The body of a 50-year-old Filipino migrant worker who was killed in a car crash in Singapore finally arrived in her home in Caba town in the northern Philippines on Jan. 2.
The family of Arlyn Nocus received her remains, which landed at Clark International Airport, north of Manila, a couple of hours before midnight on Jan. 1.
Nocus was one of the two Filipino women killed after a car rammed through a metal railing outside a shopping mall where the victims were having a picnic on Dec. 29, 2019.
Abigail Leste, 41, also died in the incident while four others were critically injured including Nocus’ 56-year-old sister, Arceli.
Alice Nocus, the victim’s younger sibling, said they have sought the help of the Philippine government to be able to visit Arceli, who is still recovering in the hospital, after Arlyn’s funeral.
“Our sister was the primary breadwinner of the family. She worked in Singapore for 30 years, more than half of her life. She didn’t marry to help us,” said Alice.
On the night of Jan. 2, Leste’s remains were also brought back to the country.
The country’s Overseas Workers Welfare Administration (OWWA) has vowed to provide assistance and support to the affected Filipino migrant workers and their families.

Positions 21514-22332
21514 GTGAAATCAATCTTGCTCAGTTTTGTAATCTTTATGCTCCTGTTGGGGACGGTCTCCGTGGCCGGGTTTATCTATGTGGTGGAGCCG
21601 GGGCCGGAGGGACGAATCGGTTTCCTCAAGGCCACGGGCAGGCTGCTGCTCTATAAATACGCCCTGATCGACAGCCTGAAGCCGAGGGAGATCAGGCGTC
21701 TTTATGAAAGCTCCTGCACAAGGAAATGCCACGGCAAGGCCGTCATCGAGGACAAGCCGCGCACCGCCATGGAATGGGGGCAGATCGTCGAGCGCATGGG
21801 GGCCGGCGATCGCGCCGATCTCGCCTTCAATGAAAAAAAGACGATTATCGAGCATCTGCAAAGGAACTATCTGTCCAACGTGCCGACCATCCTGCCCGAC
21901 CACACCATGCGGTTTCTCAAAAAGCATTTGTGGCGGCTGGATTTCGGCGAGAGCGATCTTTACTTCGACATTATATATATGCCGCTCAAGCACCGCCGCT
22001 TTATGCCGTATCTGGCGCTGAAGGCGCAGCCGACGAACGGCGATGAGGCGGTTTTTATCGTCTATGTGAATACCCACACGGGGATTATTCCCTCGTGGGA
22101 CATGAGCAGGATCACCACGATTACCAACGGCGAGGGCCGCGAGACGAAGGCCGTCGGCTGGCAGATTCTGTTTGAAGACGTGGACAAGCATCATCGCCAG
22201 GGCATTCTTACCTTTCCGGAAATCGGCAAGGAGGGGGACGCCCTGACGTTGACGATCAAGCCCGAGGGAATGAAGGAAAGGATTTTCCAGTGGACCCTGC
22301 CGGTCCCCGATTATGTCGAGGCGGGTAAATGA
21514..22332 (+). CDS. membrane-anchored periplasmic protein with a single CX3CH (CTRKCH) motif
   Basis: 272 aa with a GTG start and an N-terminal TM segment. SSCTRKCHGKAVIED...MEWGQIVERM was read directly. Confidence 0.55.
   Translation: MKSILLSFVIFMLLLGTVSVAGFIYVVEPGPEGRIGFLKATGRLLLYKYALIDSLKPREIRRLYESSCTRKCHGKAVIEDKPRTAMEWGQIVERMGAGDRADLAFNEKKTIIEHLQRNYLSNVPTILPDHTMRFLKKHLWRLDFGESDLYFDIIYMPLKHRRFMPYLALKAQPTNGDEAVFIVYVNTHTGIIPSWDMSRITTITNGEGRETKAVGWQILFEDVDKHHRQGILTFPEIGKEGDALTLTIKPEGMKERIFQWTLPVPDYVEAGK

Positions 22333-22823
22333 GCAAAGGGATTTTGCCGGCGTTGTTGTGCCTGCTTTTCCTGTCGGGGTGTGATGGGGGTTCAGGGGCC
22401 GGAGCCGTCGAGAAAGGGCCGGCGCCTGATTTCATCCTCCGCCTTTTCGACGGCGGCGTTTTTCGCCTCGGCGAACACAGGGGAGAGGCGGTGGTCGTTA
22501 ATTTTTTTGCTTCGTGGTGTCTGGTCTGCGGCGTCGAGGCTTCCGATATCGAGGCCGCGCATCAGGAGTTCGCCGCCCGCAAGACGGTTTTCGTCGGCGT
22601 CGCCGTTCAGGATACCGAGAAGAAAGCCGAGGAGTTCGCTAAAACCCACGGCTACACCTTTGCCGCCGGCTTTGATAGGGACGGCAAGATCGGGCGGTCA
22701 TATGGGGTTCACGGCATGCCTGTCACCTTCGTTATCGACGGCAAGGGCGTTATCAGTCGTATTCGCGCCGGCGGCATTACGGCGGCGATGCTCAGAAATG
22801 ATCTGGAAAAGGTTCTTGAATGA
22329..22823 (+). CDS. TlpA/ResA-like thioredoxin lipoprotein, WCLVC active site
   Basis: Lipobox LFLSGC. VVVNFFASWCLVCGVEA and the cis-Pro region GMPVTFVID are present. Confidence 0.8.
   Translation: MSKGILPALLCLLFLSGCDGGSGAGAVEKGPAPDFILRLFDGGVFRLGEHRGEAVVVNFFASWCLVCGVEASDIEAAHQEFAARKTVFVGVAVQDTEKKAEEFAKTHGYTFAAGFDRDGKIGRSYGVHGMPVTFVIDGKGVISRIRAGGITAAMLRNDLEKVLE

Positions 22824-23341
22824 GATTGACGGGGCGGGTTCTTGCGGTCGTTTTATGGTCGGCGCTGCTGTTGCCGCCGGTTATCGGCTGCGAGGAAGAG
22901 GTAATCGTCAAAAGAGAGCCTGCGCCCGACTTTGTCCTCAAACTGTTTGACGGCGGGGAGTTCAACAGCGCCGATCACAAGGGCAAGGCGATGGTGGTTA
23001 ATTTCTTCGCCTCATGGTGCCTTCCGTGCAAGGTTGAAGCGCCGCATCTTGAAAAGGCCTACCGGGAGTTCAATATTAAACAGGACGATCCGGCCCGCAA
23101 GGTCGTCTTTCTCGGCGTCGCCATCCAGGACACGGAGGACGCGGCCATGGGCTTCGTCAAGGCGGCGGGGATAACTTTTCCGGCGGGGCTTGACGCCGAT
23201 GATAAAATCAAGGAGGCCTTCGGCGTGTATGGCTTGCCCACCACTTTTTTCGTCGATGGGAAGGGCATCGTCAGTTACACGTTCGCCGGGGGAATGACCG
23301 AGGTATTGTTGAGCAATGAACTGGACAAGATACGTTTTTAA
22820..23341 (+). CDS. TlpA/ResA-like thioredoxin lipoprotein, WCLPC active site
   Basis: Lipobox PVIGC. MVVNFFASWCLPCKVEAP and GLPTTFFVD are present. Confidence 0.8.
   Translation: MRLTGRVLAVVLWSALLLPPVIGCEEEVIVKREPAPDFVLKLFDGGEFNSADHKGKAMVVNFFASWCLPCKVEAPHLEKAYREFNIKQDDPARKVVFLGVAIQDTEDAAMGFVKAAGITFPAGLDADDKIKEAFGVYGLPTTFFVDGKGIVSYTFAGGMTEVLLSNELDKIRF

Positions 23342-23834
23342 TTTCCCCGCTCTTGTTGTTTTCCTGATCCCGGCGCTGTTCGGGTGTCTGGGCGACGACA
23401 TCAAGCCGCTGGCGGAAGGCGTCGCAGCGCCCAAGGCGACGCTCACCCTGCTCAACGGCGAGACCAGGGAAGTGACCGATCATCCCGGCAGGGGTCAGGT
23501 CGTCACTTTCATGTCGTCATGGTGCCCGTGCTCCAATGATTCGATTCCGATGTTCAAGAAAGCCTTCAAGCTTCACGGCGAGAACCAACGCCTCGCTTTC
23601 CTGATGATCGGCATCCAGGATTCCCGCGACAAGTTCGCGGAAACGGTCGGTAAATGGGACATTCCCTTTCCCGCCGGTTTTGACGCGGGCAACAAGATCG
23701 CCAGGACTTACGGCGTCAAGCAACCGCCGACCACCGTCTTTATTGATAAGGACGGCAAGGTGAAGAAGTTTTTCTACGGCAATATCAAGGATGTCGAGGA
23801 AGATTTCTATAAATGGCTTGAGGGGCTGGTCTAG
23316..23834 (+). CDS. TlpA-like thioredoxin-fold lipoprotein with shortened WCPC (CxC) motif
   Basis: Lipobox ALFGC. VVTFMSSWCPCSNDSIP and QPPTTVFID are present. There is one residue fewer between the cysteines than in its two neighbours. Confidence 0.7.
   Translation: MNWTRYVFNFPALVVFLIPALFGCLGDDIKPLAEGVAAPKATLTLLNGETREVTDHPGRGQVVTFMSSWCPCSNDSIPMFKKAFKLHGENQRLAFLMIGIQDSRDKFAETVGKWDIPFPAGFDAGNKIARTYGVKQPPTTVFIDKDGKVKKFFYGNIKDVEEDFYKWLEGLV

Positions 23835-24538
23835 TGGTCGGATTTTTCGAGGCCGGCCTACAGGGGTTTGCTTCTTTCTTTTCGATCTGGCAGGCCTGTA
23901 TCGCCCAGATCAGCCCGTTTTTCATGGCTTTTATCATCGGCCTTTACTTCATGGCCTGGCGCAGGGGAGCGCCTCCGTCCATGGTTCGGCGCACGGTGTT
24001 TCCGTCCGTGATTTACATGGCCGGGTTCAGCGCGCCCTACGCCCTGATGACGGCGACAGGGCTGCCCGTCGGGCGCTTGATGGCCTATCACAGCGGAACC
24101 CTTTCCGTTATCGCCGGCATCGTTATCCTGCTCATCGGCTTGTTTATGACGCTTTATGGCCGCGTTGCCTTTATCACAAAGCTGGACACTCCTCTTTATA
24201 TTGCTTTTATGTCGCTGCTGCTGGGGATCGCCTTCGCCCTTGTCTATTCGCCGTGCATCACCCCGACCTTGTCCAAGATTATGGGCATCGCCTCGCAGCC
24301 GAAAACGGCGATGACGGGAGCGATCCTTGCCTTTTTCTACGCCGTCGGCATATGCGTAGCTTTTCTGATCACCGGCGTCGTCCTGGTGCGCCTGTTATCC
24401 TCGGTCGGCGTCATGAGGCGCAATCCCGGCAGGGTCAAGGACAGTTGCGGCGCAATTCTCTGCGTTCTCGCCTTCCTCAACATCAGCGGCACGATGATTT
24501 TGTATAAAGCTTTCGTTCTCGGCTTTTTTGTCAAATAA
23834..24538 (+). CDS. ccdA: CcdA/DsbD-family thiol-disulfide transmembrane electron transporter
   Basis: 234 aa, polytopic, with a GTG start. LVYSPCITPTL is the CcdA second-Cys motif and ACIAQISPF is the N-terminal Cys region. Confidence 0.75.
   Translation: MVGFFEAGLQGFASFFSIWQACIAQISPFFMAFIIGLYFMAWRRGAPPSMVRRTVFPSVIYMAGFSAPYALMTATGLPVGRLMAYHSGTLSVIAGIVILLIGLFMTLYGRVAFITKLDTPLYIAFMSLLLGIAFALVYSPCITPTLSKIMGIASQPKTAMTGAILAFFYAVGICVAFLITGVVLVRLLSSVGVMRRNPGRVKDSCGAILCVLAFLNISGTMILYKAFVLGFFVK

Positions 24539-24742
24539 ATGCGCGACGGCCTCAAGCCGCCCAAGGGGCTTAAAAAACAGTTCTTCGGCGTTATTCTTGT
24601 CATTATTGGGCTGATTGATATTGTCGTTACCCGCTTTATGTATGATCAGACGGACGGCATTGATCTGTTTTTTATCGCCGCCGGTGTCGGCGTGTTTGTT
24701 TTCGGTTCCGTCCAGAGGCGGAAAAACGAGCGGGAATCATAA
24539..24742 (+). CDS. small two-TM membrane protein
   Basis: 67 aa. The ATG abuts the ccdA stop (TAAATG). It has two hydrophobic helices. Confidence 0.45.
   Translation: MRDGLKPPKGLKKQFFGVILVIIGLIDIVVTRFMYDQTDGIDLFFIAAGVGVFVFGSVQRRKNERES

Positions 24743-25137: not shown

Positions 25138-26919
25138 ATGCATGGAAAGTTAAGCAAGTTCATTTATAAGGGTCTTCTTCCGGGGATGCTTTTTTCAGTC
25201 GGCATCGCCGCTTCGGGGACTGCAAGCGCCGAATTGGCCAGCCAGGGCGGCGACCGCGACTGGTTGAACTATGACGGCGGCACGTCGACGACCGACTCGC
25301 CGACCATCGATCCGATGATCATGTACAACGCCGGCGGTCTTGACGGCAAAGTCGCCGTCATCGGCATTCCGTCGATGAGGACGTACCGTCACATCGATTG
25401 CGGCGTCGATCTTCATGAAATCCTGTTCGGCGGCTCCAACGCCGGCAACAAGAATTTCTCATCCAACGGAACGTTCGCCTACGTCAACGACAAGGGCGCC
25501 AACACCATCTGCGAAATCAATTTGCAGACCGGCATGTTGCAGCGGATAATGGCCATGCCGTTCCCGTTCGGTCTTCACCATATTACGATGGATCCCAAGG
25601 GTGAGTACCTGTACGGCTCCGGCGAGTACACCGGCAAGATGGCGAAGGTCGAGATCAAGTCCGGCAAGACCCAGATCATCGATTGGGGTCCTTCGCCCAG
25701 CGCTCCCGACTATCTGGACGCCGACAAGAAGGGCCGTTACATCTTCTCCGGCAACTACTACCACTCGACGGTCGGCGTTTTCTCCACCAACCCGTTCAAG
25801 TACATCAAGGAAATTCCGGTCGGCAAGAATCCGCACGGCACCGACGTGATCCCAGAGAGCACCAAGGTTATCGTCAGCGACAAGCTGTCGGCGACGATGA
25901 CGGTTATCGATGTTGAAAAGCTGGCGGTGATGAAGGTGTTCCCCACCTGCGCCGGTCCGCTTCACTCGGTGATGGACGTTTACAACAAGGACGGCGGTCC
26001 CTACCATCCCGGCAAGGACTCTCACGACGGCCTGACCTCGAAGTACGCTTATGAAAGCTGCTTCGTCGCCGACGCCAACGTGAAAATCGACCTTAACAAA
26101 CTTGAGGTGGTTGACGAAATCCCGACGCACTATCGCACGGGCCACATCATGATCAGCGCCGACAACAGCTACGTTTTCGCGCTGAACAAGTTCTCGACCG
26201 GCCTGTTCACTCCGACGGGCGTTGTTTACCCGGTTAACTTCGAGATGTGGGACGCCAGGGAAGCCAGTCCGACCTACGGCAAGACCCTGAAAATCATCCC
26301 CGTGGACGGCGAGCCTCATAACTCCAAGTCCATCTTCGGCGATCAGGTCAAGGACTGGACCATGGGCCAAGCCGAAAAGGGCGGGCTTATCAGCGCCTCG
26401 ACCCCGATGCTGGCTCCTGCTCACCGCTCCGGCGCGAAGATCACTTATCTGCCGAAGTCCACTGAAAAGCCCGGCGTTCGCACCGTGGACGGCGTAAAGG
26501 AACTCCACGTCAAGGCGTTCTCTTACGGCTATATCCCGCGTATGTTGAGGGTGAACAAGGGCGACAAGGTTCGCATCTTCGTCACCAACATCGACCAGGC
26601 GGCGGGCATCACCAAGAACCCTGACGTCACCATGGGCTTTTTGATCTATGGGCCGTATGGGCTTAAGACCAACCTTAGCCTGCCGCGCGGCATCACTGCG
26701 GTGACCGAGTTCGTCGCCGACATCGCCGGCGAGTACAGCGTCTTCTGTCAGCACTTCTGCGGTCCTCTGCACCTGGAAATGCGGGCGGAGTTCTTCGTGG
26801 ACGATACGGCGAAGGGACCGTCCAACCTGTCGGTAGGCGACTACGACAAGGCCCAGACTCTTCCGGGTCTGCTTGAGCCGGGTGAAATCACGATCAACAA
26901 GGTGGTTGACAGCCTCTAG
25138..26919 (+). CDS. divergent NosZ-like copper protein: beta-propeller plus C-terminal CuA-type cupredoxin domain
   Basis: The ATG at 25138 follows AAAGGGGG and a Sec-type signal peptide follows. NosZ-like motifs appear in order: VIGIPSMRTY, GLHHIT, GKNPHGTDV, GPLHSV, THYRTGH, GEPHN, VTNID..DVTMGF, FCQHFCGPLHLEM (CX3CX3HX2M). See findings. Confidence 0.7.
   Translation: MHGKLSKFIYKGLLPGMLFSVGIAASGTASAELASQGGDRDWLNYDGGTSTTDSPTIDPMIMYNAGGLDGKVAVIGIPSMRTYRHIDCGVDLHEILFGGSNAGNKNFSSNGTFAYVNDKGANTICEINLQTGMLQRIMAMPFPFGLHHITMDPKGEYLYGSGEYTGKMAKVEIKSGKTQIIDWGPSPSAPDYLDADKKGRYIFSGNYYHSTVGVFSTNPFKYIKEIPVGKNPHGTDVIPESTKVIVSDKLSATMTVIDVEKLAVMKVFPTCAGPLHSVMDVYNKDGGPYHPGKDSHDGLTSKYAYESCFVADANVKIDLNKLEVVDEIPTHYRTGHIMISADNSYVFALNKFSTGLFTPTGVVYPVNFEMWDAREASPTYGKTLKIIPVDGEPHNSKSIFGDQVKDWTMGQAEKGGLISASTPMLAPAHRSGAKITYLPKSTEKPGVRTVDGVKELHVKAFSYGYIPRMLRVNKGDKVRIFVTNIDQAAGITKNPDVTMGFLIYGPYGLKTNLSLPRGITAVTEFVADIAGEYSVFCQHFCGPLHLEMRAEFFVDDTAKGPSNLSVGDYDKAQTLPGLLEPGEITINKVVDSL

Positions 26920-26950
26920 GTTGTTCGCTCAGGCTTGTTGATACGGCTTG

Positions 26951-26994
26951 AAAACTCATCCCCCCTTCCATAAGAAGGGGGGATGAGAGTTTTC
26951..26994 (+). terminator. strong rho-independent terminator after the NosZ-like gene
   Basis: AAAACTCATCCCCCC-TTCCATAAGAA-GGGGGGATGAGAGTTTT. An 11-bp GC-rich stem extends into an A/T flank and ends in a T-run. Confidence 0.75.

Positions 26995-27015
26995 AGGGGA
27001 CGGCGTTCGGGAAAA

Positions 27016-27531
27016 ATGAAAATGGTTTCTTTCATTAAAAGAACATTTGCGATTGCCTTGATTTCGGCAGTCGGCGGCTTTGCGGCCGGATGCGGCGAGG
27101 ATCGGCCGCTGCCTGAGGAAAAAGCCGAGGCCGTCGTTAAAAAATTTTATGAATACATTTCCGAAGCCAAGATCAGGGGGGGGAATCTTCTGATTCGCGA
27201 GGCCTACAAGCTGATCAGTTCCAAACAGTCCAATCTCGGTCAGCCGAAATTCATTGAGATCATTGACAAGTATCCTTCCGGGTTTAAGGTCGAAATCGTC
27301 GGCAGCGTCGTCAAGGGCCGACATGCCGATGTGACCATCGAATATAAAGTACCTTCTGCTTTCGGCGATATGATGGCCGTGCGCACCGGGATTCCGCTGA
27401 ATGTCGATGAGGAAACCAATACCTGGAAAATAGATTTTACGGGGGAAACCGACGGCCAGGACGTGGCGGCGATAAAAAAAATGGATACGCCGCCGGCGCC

OWWA head Hans Leo Cacdac said, “We must give tribute to the deceased for her sacrifices as an overseas Filipino worker for 30 years in Singapore to support her family.”
The Filipino community and her employer in Singapore held a public viewing of the victim’s remains before being flown back to the Philippines on the same day.
The head of the Episcopal Commission on Migrants and Itinerant Peoples of the Catholic Bishops’ Conference of the Philippines expressed his sympathies with the affected Filipino migrant workers and their families.
Balanga Bishop Ruperto Santos said the tragedy “shows the perilous and fragile journey, sacrificial conditions of our overseas Filipino workers.”
“Sadness and sorrows during this Yuletide season. Tragedy struck to those whose dreams were to give happiness and a better future to their loved ones,” Bishop Santos told LiCAS.news in a text message.
The prelate said they “appreciate the immediate help and assistance of our embassy staff.” He also appealed that “justice is served and the guilty be lawfully persecuted.”
“We offer our prayers and holy Masses for their eternal rest. We implore our good Lord to grant strength to those who were left behind,” said the prelate.